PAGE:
Canto 32 Summary

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Last Updated March 1, 2023.

Dante bemoans his failure to accurately convey the sights he witnessed in Hell, decrying his limited ability to harness language. However, he vows to do his best and continues narrating, describing a frozen river called Cocytus located in the first region of the Ninth Circle, which is so solidly frozen that not even the Danube in Austria could compare. Dante speculates that even if the weight of tall mountains fell upon it, the ice would not shatter.

Within the river live a group of shades who lay frozen within its depths. Some are covered entirely in ice while still others are partially exposed; Dante notes that even their tears have frozen. One such exposed shade speaks to him, discussing the souls who call this isolating river home and adding that the traitorous Sassol Mascheroni lies close by him in the river. After introducing many of the figures entombed in the ice, the shade reveals his identity; he is Camicion de' Pazzi, and he is imprisoned in the river for the murder of a kinsmen.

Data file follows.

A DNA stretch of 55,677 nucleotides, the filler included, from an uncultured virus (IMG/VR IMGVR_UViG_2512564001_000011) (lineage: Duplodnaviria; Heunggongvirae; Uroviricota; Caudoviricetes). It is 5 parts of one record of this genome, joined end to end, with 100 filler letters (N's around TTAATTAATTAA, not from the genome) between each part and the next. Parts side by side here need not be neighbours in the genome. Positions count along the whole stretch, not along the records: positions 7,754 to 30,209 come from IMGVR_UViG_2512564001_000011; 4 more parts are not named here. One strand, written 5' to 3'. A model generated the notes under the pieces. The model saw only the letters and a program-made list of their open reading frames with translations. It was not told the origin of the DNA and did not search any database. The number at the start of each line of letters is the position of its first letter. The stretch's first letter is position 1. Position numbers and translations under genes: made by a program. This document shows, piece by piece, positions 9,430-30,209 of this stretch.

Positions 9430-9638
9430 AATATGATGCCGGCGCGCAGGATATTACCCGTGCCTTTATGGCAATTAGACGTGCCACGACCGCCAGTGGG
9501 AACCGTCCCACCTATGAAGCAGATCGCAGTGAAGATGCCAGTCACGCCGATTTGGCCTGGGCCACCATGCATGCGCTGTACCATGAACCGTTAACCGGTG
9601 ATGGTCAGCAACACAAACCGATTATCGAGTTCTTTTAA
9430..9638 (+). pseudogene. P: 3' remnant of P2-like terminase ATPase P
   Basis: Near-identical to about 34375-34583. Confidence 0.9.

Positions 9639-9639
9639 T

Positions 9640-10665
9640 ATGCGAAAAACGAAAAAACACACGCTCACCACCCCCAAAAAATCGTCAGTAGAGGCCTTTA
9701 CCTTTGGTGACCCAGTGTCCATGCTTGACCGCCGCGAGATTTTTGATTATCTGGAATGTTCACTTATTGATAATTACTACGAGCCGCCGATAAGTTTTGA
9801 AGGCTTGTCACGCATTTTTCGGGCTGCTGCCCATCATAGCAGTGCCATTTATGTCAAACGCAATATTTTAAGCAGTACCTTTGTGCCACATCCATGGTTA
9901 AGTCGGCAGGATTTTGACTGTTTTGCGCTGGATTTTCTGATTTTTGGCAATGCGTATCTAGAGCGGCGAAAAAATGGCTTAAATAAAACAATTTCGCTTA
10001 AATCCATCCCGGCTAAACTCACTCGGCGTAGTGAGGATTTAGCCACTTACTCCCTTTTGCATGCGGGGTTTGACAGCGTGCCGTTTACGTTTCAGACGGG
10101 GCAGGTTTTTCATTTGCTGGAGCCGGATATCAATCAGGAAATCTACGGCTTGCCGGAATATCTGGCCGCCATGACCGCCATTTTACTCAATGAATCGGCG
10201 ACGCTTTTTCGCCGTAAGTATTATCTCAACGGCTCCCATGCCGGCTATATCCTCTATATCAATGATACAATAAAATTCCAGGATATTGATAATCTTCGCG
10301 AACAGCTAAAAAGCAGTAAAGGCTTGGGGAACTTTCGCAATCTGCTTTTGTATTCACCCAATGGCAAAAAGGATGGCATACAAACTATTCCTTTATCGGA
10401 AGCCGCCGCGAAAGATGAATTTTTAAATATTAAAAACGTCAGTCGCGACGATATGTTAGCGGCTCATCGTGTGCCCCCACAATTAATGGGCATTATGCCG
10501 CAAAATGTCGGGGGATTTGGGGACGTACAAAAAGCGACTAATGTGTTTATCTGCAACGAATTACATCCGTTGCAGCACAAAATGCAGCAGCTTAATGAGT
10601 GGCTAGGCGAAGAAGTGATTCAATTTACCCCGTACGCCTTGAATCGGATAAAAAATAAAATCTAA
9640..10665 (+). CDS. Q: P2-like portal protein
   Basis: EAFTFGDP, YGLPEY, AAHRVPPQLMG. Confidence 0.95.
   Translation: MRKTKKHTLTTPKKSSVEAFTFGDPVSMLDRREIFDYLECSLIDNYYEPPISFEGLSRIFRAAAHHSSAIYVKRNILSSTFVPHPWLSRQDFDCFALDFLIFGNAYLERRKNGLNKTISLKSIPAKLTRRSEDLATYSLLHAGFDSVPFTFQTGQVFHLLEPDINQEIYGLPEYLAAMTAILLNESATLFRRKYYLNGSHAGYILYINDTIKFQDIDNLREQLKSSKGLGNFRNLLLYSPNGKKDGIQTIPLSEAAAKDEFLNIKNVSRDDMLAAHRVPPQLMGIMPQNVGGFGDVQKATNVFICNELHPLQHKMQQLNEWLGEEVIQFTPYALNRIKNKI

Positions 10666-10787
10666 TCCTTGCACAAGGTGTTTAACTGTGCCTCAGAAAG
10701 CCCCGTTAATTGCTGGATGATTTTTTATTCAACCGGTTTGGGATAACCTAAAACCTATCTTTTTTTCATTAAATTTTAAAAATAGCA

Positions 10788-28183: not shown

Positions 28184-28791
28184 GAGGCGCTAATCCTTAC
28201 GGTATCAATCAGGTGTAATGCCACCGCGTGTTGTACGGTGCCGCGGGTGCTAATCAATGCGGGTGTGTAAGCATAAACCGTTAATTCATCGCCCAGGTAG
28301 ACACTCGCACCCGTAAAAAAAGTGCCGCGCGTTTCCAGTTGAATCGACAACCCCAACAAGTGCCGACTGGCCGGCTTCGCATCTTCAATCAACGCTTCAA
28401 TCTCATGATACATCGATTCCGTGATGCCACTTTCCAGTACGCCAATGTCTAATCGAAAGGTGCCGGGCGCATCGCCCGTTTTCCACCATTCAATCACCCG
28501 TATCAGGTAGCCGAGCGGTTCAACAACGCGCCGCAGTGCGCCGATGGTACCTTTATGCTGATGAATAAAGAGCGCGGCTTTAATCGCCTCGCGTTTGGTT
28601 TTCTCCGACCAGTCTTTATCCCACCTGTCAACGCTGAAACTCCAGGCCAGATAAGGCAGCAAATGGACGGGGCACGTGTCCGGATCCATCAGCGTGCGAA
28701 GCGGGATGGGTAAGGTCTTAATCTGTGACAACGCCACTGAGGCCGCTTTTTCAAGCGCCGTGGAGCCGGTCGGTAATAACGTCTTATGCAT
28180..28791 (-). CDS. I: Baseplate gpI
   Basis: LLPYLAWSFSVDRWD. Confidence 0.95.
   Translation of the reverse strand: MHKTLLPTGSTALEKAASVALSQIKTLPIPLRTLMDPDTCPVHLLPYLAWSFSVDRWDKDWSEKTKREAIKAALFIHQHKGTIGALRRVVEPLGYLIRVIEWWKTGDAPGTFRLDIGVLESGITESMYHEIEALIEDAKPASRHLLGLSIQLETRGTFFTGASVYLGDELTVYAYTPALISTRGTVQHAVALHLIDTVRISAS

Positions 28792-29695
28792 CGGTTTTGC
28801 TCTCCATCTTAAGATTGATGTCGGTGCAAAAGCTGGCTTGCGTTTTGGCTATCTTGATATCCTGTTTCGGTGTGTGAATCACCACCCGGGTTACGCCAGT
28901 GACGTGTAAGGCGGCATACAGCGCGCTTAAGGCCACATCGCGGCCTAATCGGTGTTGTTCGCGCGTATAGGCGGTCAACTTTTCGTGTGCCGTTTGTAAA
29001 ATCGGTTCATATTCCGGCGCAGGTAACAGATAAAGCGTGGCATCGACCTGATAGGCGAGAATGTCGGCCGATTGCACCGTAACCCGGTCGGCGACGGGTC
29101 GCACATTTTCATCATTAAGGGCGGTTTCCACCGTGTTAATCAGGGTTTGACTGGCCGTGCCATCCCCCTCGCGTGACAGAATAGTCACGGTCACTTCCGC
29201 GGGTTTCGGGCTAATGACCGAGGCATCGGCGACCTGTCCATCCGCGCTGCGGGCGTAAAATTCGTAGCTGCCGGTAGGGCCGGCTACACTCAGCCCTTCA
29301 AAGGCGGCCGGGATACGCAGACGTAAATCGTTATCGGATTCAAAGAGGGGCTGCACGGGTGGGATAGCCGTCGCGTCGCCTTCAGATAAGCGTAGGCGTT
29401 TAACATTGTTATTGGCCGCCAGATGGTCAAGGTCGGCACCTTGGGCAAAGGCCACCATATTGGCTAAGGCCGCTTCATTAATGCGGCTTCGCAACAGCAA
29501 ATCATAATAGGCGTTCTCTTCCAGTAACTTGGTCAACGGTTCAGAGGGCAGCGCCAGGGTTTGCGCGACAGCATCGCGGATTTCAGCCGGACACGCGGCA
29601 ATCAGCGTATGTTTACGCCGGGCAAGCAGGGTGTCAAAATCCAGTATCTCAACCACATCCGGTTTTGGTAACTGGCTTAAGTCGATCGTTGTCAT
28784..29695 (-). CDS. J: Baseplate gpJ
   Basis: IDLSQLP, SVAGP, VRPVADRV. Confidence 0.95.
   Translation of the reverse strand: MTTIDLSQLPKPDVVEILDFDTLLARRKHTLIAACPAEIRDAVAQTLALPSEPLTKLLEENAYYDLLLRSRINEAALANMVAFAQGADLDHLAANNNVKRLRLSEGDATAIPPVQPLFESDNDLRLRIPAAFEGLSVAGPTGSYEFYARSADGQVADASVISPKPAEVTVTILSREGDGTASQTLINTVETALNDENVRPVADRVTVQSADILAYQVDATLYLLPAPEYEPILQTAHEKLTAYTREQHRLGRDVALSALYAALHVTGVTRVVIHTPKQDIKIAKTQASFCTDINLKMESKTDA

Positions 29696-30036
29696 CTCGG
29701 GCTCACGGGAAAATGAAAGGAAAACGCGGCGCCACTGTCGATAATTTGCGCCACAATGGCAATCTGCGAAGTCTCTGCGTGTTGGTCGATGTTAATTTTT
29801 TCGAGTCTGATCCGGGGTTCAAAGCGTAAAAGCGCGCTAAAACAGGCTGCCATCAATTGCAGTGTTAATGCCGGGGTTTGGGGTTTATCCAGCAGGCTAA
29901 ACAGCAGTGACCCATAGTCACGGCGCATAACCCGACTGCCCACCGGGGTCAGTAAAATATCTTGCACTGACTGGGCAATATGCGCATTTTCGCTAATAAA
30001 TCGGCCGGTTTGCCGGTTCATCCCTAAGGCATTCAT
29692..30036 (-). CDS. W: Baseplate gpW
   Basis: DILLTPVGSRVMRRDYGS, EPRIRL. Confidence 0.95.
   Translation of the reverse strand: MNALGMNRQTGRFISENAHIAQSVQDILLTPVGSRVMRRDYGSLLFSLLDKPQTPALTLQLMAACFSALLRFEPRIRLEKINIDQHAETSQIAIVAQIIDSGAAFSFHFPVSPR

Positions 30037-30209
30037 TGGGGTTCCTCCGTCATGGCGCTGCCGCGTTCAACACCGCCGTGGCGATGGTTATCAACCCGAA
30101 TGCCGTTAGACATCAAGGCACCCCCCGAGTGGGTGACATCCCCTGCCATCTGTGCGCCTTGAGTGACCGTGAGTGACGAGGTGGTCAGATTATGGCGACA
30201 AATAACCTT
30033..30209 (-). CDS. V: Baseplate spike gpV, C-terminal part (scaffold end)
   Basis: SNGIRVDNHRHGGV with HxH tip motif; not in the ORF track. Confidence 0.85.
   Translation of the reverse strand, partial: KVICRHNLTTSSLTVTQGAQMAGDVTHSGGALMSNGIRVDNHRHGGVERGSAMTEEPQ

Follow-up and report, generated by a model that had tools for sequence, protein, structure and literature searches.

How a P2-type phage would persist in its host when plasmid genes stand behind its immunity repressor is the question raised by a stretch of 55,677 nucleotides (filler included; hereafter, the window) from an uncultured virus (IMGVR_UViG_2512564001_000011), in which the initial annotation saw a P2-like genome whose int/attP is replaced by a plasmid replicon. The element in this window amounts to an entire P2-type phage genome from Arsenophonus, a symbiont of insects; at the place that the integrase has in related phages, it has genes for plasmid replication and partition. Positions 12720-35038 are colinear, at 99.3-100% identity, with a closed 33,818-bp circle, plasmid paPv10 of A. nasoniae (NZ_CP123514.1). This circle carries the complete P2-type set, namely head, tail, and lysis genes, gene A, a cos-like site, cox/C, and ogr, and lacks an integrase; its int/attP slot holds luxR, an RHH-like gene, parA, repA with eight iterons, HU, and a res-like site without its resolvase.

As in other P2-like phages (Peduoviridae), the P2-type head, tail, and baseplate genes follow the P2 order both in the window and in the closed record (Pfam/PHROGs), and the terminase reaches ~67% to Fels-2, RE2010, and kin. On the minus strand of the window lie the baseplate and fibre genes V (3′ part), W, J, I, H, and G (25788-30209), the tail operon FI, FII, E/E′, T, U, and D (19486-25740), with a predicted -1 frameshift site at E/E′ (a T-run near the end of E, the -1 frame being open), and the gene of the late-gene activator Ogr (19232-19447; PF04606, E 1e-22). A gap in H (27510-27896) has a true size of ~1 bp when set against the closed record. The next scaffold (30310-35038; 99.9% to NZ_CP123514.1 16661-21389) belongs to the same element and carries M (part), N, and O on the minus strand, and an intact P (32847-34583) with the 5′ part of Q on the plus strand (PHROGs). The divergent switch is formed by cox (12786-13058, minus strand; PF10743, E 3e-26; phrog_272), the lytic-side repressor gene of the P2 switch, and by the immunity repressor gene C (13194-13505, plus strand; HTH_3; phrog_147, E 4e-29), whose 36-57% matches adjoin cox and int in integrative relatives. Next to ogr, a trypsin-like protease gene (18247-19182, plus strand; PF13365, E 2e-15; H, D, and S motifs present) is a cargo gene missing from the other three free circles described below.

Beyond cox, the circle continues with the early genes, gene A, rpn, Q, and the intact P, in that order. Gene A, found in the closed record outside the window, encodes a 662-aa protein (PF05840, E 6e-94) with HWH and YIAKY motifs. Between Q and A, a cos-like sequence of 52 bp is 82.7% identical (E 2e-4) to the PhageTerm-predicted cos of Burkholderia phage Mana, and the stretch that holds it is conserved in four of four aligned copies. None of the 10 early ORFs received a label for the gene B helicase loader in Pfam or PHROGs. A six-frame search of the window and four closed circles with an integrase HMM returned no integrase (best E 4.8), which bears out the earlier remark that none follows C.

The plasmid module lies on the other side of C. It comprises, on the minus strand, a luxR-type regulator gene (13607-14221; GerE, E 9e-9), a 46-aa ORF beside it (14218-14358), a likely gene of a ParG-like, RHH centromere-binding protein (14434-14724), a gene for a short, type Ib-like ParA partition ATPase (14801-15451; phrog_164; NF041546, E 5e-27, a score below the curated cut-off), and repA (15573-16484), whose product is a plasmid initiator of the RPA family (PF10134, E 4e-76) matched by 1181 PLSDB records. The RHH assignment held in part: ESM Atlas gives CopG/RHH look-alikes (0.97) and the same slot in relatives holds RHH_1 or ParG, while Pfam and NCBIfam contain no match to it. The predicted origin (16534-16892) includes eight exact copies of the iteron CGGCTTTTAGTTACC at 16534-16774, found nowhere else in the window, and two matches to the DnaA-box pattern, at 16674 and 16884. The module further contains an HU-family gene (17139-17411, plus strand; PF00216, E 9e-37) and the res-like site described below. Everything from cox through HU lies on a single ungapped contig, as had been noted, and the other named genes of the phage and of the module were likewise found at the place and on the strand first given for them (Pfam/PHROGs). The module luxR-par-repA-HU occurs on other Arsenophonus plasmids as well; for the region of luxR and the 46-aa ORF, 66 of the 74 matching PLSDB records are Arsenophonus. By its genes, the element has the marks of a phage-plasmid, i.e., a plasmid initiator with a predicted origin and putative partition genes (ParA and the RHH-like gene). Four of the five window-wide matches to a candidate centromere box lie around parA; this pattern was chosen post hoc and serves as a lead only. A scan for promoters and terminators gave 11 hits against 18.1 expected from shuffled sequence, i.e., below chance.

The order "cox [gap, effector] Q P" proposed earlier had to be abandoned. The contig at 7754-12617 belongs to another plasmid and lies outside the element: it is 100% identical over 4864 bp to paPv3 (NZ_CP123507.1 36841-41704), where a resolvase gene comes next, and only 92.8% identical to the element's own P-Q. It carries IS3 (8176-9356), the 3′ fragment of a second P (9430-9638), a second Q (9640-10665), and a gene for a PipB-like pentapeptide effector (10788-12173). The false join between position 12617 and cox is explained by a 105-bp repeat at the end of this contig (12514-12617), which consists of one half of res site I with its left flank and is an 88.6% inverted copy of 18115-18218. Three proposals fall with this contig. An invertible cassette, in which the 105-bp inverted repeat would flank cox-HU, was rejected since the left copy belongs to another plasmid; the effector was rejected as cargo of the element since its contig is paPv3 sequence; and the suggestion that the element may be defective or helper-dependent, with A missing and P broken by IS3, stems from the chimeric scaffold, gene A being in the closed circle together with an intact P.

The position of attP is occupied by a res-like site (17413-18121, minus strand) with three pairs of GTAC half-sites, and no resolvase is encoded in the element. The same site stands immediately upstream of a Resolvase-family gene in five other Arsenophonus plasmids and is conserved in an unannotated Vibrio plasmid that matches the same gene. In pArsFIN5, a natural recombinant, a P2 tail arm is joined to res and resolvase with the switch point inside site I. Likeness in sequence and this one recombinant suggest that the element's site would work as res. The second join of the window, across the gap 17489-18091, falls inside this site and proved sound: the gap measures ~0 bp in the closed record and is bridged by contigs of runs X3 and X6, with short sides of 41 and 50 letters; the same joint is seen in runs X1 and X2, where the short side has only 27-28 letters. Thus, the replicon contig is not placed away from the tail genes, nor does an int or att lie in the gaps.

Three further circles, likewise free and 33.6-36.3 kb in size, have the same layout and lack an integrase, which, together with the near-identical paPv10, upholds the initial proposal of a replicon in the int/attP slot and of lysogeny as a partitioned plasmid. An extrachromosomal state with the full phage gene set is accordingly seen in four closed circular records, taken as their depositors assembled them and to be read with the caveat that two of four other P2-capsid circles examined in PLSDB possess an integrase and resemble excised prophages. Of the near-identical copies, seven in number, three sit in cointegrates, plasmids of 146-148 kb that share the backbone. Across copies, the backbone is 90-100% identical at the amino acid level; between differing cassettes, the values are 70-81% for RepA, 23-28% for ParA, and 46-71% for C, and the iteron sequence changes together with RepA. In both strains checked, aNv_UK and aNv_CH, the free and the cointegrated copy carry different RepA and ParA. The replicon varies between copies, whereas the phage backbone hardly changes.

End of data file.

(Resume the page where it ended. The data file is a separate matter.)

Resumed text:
As Dante stares into the faces partially obscured by the frozen water, one of them begins to swear at him. When he asks why, the shade retaliates by asking why Dante is standing on their faces and disrespecting them. Dante becomes infuriated and demands to know the name of the shade, even pulling his hair. Shortly after, another shade calls the victim "Bocca," and Dante recognizes Duera. The shades reveal to Dante that other traitors to their country are present, including Beccaria, Gianni de' Soldanier, Ganelon, and Tibbald. For their sins, they must linger in the ice, kept forever in stasis. 

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Canto 31 Summary


Canto 33 Summary